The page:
To this day, conservatives, both in Latin America and the United States, sing the praises of Pinochet because he brought conservative economic policies to Chile. At the same time, his national-security state goons rounded up and jailed 50,000-60,000 people, tortured most of them, raped and sexually abused many of them, and killed or disappeared some 3,000 of them. What had all these people done to deserve Pinochat’s wrath? They had committed the cardinal right-wing sin of believing in socialism.

While the left and the right in Latin America inevitably extol their respective regimes as bringing “freedom” to their country, nothing, of course, could be further from the truth, as least insofar as we libertarians are concerned. For us, a genuinely free society is one in which there is a genuine free-market economic system (i.e., not a  conservative economic system), in which civil liberties are protected, and in which there is a limited-government republic in place rather than a national-security state.

I would be remiss, however, if I failed to point out that this tragic situation in Latin America isn’t really any different from the right-wing, left-wing dichotomy under which we suffer here in the United States.

In the 2016 presidential election, we had the leader of the right wing, Donald Trump, versus the leader of left wing, Hillary Clinton. Whoop dee doo! What a fantastic choice for the American people! How is that choice any different, in principle, from the right-wing and left-wing choices that Latin Americans have?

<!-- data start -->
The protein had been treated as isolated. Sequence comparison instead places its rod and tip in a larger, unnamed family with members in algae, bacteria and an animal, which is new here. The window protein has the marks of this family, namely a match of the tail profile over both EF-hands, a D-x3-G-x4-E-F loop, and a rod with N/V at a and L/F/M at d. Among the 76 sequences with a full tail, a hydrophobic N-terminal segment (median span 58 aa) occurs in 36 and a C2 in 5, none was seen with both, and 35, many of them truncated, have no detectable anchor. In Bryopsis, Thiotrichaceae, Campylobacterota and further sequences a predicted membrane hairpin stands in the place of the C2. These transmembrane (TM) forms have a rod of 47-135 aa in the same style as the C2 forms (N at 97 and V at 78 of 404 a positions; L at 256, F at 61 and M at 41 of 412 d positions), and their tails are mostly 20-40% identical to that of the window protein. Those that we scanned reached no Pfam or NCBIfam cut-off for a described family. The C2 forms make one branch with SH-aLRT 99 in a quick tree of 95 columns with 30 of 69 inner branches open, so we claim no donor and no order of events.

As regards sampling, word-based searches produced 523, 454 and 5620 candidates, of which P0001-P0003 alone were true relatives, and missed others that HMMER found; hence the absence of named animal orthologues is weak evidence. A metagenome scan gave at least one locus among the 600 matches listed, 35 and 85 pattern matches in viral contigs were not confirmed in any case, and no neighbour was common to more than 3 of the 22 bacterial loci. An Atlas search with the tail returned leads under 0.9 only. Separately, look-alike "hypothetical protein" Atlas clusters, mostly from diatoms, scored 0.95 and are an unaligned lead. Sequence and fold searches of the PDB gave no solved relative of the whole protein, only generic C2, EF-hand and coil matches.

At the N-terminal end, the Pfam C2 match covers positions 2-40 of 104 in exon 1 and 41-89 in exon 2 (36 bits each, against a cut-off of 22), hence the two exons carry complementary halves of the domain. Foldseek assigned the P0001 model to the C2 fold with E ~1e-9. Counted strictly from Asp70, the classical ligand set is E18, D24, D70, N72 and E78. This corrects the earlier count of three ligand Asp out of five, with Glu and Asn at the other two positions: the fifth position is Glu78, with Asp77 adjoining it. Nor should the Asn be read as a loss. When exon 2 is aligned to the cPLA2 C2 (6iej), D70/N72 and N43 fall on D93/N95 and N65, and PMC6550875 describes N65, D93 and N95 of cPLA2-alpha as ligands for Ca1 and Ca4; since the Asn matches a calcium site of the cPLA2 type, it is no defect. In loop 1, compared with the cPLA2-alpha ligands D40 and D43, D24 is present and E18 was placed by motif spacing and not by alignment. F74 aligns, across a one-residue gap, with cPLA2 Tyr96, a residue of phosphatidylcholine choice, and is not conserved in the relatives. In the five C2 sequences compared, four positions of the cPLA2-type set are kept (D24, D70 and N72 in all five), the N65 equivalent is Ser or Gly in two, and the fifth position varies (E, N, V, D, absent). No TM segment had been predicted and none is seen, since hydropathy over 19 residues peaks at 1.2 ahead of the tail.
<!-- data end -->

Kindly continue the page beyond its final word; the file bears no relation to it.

While Americans right-wingers and left-wingers have convinced themselves that they stand for different philosophies, the truth is that there isn’t a dime’s worth of difference between the two of them. They both believe in socialism, as reflected by their joint devotion to Social Security, Medicare, Medicaid, farm subsidies, foreign aid to dictators, and all other welfare-state programs. They both in government regulation, as reflected by their joint devotion to programs like the minimum wage and the drug war. They both believe in immigration central planning and an immigration police state. They both believe in a national security state and foreign meddling and interventionism, along with the mass surveillance, torture, coups, assassinations, and disappearances that come with them.

So, why do Republicans and Democrats spend so much time fighting with each other given that they both believe in the same statist philosophy? Control and money. Like the left-wing and the right-wing in Latin America, American right-wingers and left-wingers are fighting for the power and largess that come with the welfare-national-security-state way of life that exists in both Latin America and the United States.

Of course, there is but one solution to all this left-wing and right-wing statist morass. That solution is libertarianism. Unfortunately, despite their suffering, neither Latin Americans nor Americans are there yet.

This post was written by:

Jacob G. Hornberger is founder and president of The Future of Freedom Foundation. He was born and raised in Laredo, Texas, and received his B.A. in economics from Virginia Military Institute and his law degree from the University of Texas. He was a trial attorney for twelve years in Texas. He also was an adjunct professor at the University of Dallas, where he taught law and economics. In 1987, Mr. Hornberger left the practice of law to become director of programs at the Foundation for Economic Education. He has advanced freedom and free markets on talk-radio stations all across the country as well as on Fox News’ Neil Cavuto and Greta van Susteren shows and he appeared as a regular commentator on Judge Andrew Napolitano’s show Freedom Watch. View these interviews at LewRockwell.com and from Full Context. Send him email.